The room with one tiny window was admittedly claustrophobic, but it was clean and ideally located, within walking distance to the venue for the festival’s main events. It was also cheap at 4,500 yen a night. And for an extra 1,000 yen you could have dinner and breakfast. The meals were surprisingly good (particularly in light of our very low expectations). When we complimented the “chef” – clearly an enthusiastic local — on the grilled fish he served up for breakfast, he grinned and said it had come frozen. In retrospect, I suspect most of what we consumed during our stay came from the freezer, except for the excellent rice, for which northern Japan is famous.
Three events are held on the second day of the festival. First, the procession of mounted warriors (ogyoretsu), now dressed in battle gear, passes through the city’s thoroughfare to Hibarigahara, an open field that is normally used as a stadium for track events. This is the venue for the remaining two events and the highlight of the festival, a horse race (kacchu keiba) and a competition among mounted samurai to grab the sacred flag (shinki sodatsusen).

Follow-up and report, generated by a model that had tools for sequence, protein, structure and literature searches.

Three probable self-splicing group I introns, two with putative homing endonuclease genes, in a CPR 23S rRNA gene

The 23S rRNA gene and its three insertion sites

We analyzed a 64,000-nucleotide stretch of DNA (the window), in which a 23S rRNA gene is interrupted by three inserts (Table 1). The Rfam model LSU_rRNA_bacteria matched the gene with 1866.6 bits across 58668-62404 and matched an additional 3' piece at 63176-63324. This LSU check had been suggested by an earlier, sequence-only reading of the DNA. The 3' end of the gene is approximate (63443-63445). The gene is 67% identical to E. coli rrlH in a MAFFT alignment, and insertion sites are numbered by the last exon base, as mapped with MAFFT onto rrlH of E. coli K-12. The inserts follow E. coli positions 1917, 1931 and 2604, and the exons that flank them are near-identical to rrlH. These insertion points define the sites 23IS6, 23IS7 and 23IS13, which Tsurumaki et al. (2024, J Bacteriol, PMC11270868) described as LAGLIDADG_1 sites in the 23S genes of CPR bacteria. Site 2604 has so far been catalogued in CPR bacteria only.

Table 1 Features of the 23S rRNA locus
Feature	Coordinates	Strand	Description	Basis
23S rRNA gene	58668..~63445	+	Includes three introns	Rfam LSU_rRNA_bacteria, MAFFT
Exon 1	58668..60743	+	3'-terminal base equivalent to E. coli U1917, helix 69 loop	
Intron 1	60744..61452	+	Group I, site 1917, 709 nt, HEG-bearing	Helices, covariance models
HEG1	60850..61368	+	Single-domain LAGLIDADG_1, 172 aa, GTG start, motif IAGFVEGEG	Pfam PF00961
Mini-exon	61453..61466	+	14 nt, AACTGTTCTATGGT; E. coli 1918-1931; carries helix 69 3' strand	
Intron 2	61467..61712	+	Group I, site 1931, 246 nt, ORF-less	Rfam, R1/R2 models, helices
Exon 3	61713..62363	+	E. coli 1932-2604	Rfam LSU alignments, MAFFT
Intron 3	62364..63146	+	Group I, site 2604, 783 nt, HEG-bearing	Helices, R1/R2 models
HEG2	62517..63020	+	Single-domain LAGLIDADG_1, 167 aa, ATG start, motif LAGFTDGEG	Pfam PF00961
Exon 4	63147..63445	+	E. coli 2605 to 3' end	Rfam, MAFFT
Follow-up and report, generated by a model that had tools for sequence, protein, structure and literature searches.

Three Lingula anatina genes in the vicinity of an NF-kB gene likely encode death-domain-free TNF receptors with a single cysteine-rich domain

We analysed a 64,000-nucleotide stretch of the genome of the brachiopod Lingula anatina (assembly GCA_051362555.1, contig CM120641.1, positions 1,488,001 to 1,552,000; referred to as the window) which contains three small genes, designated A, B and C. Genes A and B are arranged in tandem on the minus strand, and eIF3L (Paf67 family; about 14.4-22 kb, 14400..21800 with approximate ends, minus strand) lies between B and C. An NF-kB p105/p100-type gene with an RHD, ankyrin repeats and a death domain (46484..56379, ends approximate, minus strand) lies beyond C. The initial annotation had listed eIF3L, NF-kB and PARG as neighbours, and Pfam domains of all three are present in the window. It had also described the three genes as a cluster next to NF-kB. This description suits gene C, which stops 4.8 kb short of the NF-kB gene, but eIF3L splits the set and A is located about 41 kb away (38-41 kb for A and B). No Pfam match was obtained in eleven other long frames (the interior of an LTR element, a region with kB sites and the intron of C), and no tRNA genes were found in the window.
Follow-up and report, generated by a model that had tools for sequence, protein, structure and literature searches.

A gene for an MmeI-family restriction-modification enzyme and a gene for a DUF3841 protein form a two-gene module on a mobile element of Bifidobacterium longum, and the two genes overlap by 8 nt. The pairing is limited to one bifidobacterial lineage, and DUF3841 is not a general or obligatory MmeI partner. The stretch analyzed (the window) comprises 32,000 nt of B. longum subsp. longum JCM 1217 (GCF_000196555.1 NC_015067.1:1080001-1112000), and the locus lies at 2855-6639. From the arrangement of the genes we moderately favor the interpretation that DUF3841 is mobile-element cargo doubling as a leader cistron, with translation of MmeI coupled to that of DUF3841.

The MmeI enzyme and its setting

Creating an appropriately festive atmosphere, double and triple rows of onlookers lined the street as the parade of mounted warriors passed by. Every so often, a samurai warrior would spot a familiar face in the crowd. His dramatically stern face would break into a wide grin and he would lift his hand in greeting.
Just like the period samurai dramas one sees at the cinema or on TV, colorful banners fluttered from long poles attached to the samurais’ backs. No two flags were the same. That is because the flags, about a third of the size of a single futon mattress, were meant to help the feudal lord identify his warriors from a distance.
Some flags were printed with abstract designs, others with objects of worship such as stars. Others displayed colorful pictures of animals, both real and mythical. Alongside the novelty of the mounted riders, the visual feast of color and images in the flag procession was in itself fascinating.
It was a thrilling spectacle that brought to life a chapter in Japan’s history when battles were regularly fought among expansionist warlords. Each warrior wore a helmet with distinct decorations. Their expressions were resolute, their backs were straight and their hands were steady as they held the reins.